"It's as if a great bird lives inside the stone of our days and since no sculptor can free it, it has to wait for the elements to wear us down, till it is free to fly." Mark Nepo

Wednesday, December 9, 2009

Procession


When I reached the onramp to the highway which would take me to the freeway which would take me home, the sight of cars lined up bumper to bumper for as far as visibility extended made my heart sink. Mark, the brother I'd been staying with near Tacoma (who generously piloted me to the highway) had been listening to the morning traffic report on the radio. Traffic was plugged all the way to the freeway - several miles up the road - and would be for some time to come.

We both knew the memorial service was later that day in the Tacoma Dome, but thought it was far enough north that it wouldn't impact my travels south. That was before we knew every police department who was sending representatives to the service was meeting at McChord Air Base. Right where the highway meets the freeway. While the service wasn't scheduled to start until 1:00, the caravan of police cars was to head north from McChord at 10:00.

I crept onto the highway at 8:00.

For more than an hour I sat wedged in traffic that moved inches at a time, feeling more reverence and gratitude than impatience. My fellow travelers seemed to be in the same place. No one tried to change lanes to jump ahead a few cars. There was no zooming or screeching or honking. Just clouds of car breath in the bright arctic morning air, and a stillness tinged with sadness and respect.

At one point a dozen police cars and motorcycles sped up the left shoulder, lights flashing. The cars in the left lane, nowhere to go really, turned wheels to the right in a move that looked for all the world like they were bowing.

Farther along, a caravan of limos with a huge motorcycle escort came onto the highway. The exit they merged from was near the restaurant where four police officers were gunned down a week ago as they sat enjoying their morning coffee. I wondered if I was seeing the families of the slain officers, and sent my heart out to partners and children who are living the cost of sacrifice those four officers made.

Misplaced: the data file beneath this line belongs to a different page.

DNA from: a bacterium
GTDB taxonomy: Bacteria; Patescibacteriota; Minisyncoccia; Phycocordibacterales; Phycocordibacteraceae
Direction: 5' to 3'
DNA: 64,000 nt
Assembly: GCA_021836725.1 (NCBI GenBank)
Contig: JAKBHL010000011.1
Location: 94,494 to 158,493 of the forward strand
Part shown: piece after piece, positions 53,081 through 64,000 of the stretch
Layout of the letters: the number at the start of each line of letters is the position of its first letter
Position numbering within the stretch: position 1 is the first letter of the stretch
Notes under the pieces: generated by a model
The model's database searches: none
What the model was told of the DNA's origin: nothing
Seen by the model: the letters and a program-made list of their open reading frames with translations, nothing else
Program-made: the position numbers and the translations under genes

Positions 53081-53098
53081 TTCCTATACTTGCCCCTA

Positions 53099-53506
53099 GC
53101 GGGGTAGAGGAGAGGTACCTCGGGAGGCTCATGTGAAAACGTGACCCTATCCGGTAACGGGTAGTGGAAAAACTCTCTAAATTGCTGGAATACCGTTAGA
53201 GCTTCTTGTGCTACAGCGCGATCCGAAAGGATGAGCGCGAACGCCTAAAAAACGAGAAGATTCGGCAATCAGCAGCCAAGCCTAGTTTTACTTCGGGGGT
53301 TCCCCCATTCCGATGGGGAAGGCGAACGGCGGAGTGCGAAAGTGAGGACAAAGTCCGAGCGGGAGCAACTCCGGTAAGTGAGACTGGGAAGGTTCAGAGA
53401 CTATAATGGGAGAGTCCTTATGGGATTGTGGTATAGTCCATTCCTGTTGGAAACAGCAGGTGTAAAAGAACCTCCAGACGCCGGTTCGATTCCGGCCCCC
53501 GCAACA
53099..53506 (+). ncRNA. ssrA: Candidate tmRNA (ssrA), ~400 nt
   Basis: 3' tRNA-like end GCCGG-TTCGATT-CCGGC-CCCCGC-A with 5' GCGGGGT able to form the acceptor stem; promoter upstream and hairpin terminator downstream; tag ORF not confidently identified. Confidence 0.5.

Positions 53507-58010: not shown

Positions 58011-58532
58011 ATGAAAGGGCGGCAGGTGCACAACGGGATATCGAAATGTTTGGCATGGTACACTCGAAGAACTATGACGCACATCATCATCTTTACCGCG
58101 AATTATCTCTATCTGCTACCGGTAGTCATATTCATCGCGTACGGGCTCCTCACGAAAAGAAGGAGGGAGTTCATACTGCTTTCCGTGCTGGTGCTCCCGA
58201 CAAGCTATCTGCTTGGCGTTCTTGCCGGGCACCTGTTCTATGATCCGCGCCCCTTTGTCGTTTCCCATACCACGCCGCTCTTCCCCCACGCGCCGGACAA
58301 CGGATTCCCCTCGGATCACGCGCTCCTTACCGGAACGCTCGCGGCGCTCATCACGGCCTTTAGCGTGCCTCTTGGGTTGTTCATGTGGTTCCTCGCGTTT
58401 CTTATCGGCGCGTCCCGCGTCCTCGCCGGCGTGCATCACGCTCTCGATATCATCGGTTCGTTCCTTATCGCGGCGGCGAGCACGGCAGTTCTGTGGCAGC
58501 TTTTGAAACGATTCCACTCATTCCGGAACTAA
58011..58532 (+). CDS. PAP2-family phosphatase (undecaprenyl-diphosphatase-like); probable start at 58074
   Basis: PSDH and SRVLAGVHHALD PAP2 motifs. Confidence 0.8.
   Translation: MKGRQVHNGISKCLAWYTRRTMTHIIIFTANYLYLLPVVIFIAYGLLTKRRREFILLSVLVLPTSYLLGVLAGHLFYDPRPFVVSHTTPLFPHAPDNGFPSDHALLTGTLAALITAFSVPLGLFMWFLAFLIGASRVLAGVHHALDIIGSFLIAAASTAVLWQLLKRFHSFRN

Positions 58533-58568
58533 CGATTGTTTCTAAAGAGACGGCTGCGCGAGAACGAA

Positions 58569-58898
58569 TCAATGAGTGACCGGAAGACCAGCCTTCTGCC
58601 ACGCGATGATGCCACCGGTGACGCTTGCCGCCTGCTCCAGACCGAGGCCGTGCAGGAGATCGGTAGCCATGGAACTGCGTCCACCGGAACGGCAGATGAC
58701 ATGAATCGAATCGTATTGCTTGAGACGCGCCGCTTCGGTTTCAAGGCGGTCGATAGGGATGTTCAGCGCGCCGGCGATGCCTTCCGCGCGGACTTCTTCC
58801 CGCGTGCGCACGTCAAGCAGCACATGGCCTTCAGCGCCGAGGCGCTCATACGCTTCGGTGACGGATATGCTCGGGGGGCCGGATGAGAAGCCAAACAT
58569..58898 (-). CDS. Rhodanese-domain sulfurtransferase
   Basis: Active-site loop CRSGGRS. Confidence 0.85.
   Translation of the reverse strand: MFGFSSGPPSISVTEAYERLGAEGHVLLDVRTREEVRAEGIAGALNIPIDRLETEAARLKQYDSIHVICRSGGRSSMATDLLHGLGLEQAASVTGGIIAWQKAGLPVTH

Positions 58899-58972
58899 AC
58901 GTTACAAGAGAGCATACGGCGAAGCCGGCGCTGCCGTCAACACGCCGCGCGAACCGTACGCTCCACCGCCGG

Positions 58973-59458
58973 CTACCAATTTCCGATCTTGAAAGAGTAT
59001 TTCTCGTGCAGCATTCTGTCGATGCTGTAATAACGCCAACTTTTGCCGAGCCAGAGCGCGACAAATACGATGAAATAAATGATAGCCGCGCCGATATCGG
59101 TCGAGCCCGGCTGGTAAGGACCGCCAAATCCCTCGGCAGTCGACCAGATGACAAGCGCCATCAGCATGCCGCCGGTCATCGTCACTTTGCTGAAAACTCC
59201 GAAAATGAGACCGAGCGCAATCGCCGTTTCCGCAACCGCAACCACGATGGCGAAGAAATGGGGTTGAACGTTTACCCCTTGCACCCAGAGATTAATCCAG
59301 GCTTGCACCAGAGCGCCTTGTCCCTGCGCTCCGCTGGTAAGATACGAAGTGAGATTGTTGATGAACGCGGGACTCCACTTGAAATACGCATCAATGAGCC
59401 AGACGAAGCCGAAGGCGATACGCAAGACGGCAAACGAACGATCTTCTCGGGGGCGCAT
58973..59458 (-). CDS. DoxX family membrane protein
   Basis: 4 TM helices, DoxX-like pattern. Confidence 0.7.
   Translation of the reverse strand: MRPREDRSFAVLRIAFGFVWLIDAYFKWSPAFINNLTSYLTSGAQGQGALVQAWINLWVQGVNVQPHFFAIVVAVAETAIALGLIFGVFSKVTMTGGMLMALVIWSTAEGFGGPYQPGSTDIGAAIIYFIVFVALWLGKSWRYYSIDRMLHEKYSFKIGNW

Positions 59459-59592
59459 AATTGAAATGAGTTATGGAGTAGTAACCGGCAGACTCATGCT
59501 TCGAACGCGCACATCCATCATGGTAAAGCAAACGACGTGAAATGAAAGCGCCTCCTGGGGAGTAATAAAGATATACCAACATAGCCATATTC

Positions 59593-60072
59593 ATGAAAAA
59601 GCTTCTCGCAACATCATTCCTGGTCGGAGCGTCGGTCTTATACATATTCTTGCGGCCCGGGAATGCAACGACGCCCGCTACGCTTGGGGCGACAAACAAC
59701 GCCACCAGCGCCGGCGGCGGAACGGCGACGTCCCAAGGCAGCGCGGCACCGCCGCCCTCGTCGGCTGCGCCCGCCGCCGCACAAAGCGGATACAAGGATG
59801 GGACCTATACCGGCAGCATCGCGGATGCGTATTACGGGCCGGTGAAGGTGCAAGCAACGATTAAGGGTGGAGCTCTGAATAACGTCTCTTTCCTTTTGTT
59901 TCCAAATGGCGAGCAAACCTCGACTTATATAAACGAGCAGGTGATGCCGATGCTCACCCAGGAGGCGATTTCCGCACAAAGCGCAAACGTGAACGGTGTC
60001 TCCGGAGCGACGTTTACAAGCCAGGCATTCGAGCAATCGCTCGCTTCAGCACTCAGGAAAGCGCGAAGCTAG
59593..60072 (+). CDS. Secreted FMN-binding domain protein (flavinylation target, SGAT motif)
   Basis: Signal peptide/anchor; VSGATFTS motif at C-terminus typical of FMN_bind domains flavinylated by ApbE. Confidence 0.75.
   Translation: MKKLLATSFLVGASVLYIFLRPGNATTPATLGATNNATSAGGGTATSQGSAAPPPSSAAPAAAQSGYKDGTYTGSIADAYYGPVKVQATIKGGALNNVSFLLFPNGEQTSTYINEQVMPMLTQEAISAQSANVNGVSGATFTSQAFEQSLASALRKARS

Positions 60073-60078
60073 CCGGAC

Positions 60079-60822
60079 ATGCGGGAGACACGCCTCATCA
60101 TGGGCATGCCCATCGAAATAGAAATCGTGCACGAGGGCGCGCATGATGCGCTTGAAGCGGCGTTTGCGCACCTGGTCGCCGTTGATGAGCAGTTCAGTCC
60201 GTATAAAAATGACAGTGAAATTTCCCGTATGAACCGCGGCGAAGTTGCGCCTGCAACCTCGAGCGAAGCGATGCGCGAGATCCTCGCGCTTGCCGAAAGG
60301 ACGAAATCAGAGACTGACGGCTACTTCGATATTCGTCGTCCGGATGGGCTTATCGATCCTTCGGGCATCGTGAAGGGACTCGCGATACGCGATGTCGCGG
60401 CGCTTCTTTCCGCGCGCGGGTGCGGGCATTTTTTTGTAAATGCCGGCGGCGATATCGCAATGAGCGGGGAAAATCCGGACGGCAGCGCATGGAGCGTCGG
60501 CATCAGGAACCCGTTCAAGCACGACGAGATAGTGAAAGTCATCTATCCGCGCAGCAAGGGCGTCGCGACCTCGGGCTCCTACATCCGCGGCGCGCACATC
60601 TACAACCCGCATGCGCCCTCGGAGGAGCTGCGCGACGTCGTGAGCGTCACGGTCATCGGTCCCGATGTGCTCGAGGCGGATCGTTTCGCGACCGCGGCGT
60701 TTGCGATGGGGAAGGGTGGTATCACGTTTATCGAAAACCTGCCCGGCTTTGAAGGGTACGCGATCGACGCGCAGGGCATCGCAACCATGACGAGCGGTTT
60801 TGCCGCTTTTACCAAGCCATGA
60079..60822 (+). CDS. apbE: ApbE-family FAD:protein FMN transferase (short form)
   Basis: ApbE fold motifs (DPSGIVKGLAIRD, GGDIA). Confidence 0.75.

When the line of traffic finally delivered me to the freeway entrance - north to Seattle, south to Portland, straight ahead to McChord - I was stunned by what I saw. Police cars and motorcycles of every make and model, from multitudes of places, lined up parallel to the freeway, coming from the north, beyond my line of sight. Every one had its lights flashing, and each waited patiently to be signaled ahead to find its place in the memorial procession that would return north in just an hour.

As we (in that hour of waiting, watching, and witnessing my fellow travelers and I became "we") rounded the bend that would take us to the freeway, each car slowed a bit. Even though the road ahead was clear and we'd been held back for a very long time, we paused. I know in part it was because the sight of all those police officers in one place was astounding. But I know too that we sent our love, our condolences and our deepest respect and gratitude as we left our accidental procession and zoomed ahead into our everyday lives. Lives made easier and safer by these people gathered in unity to honor their fallen comrades, and to remind us all how very fortunate we are that there are those who are willing to die for our freedom.

photo from Flickr: police memorial in Ohio

13 comments:

Carol @ TheWritersPorch said...

That was very moving Deb. What a horriable tragedy those four deaths were. Thank you for reminding me.

M said...

Beautifully written. You might want to considere forwarding this in some way to the Lakewood police dept. The website is http://police.cityoflakewood.us/

It was a moving site and the memorial service was amazing. Such a senseless tragedy.

Love
Mark

Tabitha Bird said...

Oh that was lovely. Yeah, forward it on like M said.

Midlife Jobhunter said...

"Lives made easier and safer by these people gathered in unity to honor their fallen comrades, and to remind us all how very fortunate we are that there are those who are willing to die for our freedom."

Indeed, and how often we forget this.

Carrie Wilson Link said...

Ditto Mark and Tabitha!

Beautiful.

Amber said...

Beautifully said, But so sad. Things like that are just so horrible...

:(

Wanda said...

Ditto Mark, Tabitha, and Carrie.

Jerri said...

What a sight that must have been. Thank you for showing it to us here. This is beautifully written.

Deb@RGRamblings said...

Very touching tribute Deb. I love to hear stories of people coming together under difficult circumstances, it restores my hope in the human condition.

Pam said...

Yes Deb, do forward it on to the Lakewood police dept.It is very touching.Being overseas,it is the first I've heard of this incident. What a tragedy.

Angie Ledbetter said...

Lovely tribute and reminder to us all.

colbymarshall said...

So sad, but what a great reminder of the heroes we have to be thankful for!

kario said...

I agree that this ought to be published in the paper for more to read. Bubba and I attended a benefit for the officers last night and the sentiment was one of community and togetherness and support and it was such a fitting beginning to the holiday season.